$ssd_tier = Get-StorageTier -FriendlyName SSD_Tier
$hdd_tier = Get-StorageTier -FriendlyName HDD_Tier
New-VirtualDisk -StoragePoolFriendlyName StoragePool -FriendlyName "VirtualDisk" -StorageTiers @($ssd_tier,$hdd_tier) -StorageTierSizes 400GB, 13000GB -WriteCacheSize 50GB

Monday, August 20, 2018

Tuesday, June 12, 2018

Diving In - Windows 10 IoT Core for Digital Signage - Part 2, Do

Diving In - Windows 10 IoT Core for Digital Signage - Part 2, Do

In Part 1, we looked at why you might use Windows 10 IoT Core and started exploring the platform.

There are plenty of awesome things you could build with an Windows 10 IoT Core device.  If this is a hobby, a solution to to internal/personal problem or a point solution at work, you probably don't need to create a commercial device.

However, if you want to bring your solution to market-

  1. Publish your app on the Windows Store. Export a package
  2. Find a device.  Commercial devices tend to be more expensive than a Raspberry Pi, but there are some advantages
    1. Warehousing, logistics, assembly and imaging
    2. Warranty and support
    3. Certifications and other material required for some environments/countries
    4. Roadmaps and supply chain predictability
    5. Some OEMs will even build images as part of a hardware partnership
  3. Build an image.  Ask yourself some questions:
    1. What's your risk appetite for updates?
    2. What does the out of box experience look like?
    3. Do you need remote management?
    4. Will the user be able to reimage or recover the OS on the device?
    5. How will settings management be performed?
  4. Making products is hard. There's always a million little details, so don't forget to draw the rest of the owl
Even if I didn't work for an OEM, I would recommend finding an OEM partner that could help shepherd this process and provide pre-existing pieces for as much as possible.  The overall point is for you to work on all the pieces that make your solution a unique entry into the market without the hardware/OS/configuration/logistics/cat herding getting in the way.

Diving In - Windows 10 IoT Core for Digital Signage - Part 1, Explore

Diving In - Windows 10 IoT Core for Digital Signage - Part 1, Explore

Exploring a new technology stack can be really hard when you are just getting started.  However, it isn't unusual to just need a push in the right direction to start.  Based on customer questions and some common themes I see in the community, I thought I'd write up a short guide for exploring Windows 10 IoT Core, a lightweight purpose built OS for applications that blend the line between traditional embedded and general purpose computing systems.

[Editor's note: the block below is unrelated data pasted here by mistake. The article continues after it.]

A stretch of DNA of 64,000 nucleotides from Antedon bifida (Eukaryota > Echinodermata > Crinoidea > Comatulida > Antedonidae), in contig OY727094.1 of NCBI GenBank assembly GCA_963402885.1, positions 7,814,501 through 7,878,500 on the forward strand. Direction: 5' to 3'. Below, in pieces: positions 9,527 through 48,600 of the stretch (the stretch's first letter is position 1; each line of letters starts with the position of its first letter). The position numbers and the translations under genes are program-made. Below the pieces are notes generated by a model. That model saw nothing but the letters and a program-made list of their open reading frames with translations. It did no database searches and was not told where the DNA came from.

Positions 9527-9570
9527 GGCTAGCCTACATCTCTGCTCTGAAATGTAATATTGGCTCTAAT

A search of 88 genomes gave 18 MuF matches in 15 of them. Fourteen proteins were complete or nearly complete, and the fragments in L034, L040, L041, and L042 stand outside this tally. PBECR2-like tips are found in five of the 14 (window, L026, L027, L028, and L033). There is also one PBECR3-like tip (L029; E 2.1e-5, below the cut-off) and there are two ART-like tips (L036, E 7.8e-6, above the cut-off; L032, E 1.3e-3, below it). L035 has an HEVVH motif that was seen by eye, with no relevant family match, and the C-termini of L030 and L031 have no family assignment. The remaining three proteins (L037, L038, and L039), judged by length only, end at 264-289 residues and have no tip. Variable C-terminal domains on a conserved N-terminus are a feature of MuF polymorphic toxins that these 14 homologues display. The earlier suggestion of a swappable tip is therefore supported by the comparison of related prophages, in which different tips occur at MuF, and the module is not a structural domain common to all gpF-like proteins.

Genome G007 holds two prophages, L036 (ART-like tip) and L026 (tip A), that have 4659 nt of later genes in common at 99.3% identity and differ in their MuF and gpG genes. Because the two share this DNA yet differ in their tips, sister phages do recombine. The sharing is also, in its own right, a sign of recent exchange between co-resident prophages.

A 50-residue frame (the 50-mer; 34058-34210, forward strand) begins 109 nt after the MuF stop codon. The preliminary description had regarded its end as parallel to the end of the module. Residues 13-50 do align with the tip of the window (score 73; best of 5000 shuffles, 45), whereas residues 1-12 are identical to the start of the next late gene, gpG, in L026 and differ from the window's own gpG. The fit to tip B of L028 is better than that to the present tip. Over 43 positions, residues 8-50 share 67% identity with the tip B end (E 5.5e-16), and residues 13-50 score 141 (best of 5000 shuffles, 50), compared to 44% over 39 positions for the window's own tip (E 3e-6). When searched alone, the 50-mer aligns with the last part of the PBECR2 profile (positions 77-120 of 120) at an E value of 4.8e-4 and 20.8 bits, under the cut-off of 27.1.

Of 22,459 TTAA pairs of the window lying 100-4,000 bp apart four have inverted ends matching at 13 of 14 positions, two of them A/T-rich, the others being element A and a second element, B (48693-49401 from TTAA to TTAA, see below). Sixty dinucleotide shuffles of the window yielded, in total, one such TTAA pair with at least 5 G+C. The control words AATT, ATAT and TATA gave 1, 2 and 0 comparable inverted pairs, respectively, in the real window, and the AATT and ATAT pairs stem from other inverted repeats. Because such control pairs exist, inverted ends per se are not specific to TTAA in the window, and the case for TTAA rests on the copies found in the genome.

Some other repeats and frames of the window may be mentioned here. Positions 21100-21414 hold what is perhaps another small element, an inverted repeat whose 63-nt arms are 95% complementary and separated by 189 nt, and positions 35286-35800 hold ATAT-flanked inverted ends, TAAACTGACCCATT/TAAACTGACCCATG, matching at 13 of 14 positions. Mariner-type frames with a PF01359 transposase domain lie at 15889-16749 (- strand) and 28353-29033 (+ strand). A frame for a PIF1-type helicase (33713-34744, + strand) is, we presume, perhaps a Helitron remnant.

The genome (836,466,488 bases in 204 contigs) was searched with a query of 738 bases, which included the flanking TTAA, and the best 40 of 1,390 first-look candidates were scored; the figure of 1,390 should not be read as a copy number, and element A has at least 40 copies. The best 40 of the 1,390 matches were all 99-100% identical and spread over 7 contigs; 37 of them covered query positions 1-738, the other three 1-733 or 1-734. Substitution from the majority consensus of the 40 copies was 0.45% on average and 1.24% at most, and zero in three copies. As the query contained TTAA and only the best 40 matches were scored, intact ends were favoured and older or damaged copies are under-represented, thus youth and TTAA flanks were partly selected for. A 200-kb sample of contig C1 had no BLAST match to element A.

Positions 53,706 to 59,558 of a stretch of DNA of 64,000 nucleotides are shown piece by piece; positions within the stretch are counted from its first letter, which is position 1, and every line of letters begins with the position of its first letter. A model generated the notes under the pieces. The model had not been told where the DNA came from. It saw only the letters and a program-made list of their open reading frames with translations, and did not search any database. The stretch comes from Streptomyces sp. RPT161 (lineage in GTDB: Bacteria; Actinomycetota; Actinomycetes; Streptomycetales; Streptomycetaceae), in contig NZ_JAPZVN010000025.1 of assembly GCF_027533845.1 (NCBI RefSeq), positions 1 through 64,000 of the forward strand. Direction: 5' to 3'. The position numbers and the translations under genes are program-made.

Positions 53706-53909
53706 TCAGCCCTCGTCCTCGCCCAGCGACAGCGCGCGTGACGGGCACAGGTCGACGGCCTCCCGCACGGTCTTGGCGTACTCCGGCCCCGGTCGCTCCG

Why Windows 10 IoT Core?

I've written a lot about Windows 10 IoT Core, Now Micro IoT Player and even made a few videos if you want to get the 30 min version.

  • A streamlined, purpose built version of Windows for running UWP apps and easy to cloud enable
  • Secure by default and regularly patched
  • Available on supportable, commercial grade hardware


  1. A UWP app you want to run.  Start with a sample if you don't have a universal app.  Or Now Micro Player if you just want to run some HTML5 content.
  2. A device-  The Raspberry Pi doesn't have hardware accelerated video, but is a great exploratory device.  If you are building a commercial product, be sure to understand your case, certification, display resolution and cost requirements.
  3. Windows 10 IoT Core Dashboard - This makes finding your device's IP and some other tasks easier. The Windows 10 IoT Core Dashboard also will download and image SD cards for your Raspberry Pi.

Things to Explore

  1. Remote PowerShell - PowerShell is my favorite way to automate a job away and there are a ton of commands you can run on the system.
  2. Windows Device Portal - In place of a local GUI, use Windows Device Portal to manage the device.  The CPU and GPU performance graphs are the best way to figure out if you have enough hardware for the job.
  3. Windows 10 IoT Dashboard - If you have a bunch of devices, this is the easiest way to discover them.
  4. Azure IoT Central - A SaaS management solution for IoT that is a quick setup.

Thursday, May 31, 2018

Capturing a FFU from a Windows 10 IoT Core Device

I would not actually recommend configuring a Windows 10 IoT Core system and then capturing it (you should use the provided build system), but if you were trying to capture a demo or replicate a problem, there is a way to capture to a FFU as of Windows 10 1709 or later.

The basic version is to boot to WinPE and use DISM to capture to an attached USB stick or mapped network drive.

The addition of the "capture-ffu" switch is where the magic happens:

DISM.exe /capture-ffu /imagefile=R:\MyDemoImage.ffu /capturedrive=\\.\PhysicalDrive0